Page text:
Haggs LaneCartmelGrange-over-SandsCumbria, LA11 6PHTel: 015395 363 66
The Surgery will be closed from 1.00pm on the following dates to enable staff to partcipate in the 2018/19 NHS Cumbria Protected Learning Programme.
Wednesday 16th May
Thursday 14th June
Wednesday 11th July
Wednesday 12th September
Wednesday 10th October
Wednesday 14th November
Wednesday 13th February
Thursday 14th March
If you have a medical emergency please contact NHS 111 by Tel: 111
The Surgery will re-open at 8.00am the following morning.
All surgeries at Cartmel are by appointment only and you can make an appointment by telephone (015395 36366) or by calling in to the surgery.
For urgent conditions, we will always try to fit you into the next possible surgery.
You can book doctors appointments online (Please see how to register for our online services) Ask at reception for a PIN number.
When attending the doctor or nurse for some examinations or tests you may prefer to have a chaperone present. Please let our receptionists know if you would like a chaperone. We can give you the following choices.
If you would like a telephone consultation with either the Doctor or the Practice Nurse please ring to make an appointment, exactly the same way as you would to make a face to face consultation.
We also offered Extended Access Telephone Consultations every Monday, Tuesday and Friday 6.30pm-7.00pm, which must be booked in advance.
The GPs offer Telephone Consultations on a Monday, Tuesday and Friday between 6.30pm-7.00pm. If you wish to have a Telephone Consultation during this time please ring the surgery to book an appointment.
If possible please try to telephone reception before 10:30 if you require a home visit.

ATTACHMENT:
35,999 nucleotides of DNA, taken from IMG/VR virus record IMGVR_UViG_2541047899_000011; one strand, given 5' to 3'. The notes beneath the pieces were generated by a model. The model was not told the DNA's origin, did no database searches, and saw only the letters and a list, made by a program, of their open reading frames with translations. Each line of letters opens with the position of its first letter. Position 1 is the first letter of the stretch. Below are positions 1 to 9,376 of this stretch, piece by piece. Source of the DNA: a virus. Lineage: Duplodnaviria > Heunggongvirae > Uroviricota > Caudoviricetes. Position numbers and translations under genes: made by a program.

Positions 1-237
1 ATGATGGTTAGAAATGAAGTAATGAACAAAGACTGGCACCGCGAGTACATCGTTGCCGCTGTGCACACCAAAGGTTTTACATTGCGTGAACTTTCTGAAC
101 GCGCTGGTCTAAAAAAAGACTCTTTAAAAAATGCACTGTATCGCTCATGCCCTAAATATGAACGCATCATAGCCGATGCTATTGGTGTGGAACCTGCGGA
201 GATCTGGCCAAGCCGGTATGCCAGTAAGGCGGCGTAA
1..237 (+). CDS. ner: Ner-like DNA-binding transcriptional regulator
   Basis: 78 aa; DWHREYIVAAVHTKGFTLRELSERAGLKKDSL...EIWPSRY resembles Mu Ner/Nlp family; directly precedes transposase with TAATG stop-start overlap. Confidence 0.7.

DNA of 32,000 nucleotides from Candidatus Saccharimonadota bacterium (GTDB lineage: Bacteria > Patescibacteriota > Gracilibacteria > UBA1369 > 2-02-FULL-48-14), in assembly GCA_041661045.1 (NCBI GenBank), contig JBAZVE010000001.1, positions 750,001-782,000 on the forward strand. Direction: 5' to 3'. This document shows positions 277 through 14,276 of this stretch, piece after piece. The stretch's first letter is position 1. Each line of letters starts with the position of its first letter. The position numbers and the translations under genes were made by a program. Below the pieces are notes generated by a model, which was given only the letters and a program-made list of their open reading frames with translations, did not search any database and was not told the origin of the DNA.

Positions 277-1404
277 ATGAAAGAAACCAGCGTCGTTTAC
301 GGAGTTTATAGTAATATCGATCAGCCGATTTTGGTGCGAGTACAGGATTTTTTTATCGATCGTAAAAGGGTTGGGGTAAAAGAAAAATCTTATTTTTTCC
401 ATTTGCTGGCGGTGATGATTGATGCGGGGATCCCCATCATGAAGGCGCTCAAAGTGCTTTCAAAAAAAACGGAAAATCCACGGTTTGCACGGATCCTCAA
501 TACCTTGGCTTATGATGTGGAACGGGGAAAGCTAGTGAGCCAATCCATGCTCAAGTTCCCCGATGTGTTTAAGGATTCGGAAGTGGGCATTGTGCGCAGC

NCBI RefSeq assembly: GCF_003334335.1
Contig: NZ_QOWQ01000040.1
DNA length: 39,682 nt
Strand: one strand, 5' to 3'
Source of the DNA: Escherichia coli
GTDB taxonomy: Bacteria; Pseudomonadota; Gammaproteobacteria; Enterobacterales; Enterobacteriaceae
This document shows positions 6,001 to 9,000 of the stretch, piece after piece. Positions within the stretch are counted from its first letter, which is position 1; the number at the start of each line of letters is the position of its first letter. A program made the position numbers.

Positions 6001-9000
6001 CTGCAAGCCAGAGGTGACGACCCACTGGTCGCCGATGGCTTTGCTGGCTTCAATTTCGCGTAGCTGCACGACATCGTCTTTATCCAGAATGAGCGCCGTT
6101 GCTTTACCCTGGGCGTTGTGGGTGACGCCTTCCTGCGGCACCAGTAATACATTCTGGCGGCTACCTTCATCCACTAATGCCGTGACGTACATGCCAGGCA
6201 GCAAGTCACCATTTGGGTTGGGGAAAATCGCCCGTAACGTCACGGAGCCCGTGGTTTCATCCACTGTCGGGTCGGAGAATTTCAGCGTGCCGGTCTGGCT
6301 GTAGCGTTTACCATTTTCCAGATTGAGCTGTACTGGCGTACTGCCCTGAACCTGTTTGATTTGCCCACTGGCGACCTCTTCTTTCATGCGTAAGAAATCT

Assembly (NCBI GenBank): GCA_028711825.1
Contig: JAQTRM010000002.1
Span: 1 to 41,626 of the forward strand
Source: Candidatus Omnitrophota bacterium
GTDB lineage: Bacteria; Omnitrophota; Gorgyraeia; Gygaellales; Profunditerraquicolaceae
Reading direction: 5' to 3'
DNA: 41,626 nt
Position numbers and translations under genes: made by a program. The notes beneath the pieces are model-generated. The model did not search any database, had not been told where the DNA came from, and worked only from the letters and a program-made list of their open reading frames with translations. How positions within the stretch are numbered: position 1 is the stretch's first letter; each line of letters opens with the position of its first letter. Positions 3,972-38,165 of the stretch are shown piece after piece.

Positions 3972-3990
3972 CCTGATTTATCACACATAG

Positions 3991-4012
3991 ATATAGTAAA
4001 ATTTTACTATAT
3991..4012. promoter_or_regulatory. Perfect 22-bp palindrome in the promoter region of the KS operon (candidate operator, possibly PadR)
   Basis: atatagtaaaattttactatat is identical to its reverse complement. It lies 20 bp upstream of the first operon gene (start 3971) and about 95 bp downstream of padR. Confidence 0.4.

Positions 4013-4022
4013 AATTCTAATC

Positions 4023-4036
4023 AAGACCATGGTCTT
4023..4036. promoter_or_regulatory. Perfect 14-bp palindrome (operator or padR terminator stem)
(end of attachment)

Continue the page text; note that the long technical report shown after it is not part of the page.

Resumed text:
You may only request a home visit if you are housebound or are too ill to visit the practice. Your GP will only visit you at home if they think that your medical condition requires it and will also decide how urgently a visit is needed.
You can be visited at home by a community nurse if you are referred by your GP. You should also be visited at home by a health visitor if you have recently had a baby or if you are newly registered with a GP and have a child under five years.
What is a GP Registrar?
This is a qualified doctor who has decided to embark on a career in general practice, much like a surgeon or physician in the hospital. Like these doctors part of their training involves them spending a total of 18 months working at a teaching practice. This is usually divided into a 6 month and 12 month attachment.
How much experience do they have?
By the time you see a GP registrar they will have spent at least 5 years at medical school to qualify as a doctor. Then they will have done 2 years working in hospitals (previously known as “house jobs”. They will then start a 3 year training programme to become a GP, during which they will spend 18 months in a training practice. Often the GP Registrar will have more up to date knowledge on hospital treatment and service than we do as they have just come from a hospital job. So by the time you see this doctor they may well have been working as a doctor for 4 years.
Why do they have to ask other GPs in the practice for advice?
There is a vast difference in the range and types of clinical cases and patients seen in general practice compared to hospital medicine. In a surgical job at the hospital a doctor will only see surgical cases every day, in general practice an average surgery may consist of a general medical case, then an ill child, then patient with a skin rash then a patient with depression etc. So there is a wide variety which can be quite challenging when you start in general practice. The GP registrars are encouraged to ask for help whenever they want for your safety and benefit so please be patient, one day these doctors will also be competent GPs!
We also often have 5th year medical students at the practice, usually from Lancaster University.
The students are with us for 2 months at a time and learn about all aspects of family medicine. The students need to talk to and examine patients in order to learn. This is always under the supervision of a GP.
From time to time you may be asked to consult with someone in training or have them present when you are consulting with another doctor or nurse at the practice. If, however, you feel uncomfortable with this for whatever reason you are perfectly free to decline and should discuss this with the reception staff at the time. This will not impact upon your care in any way.
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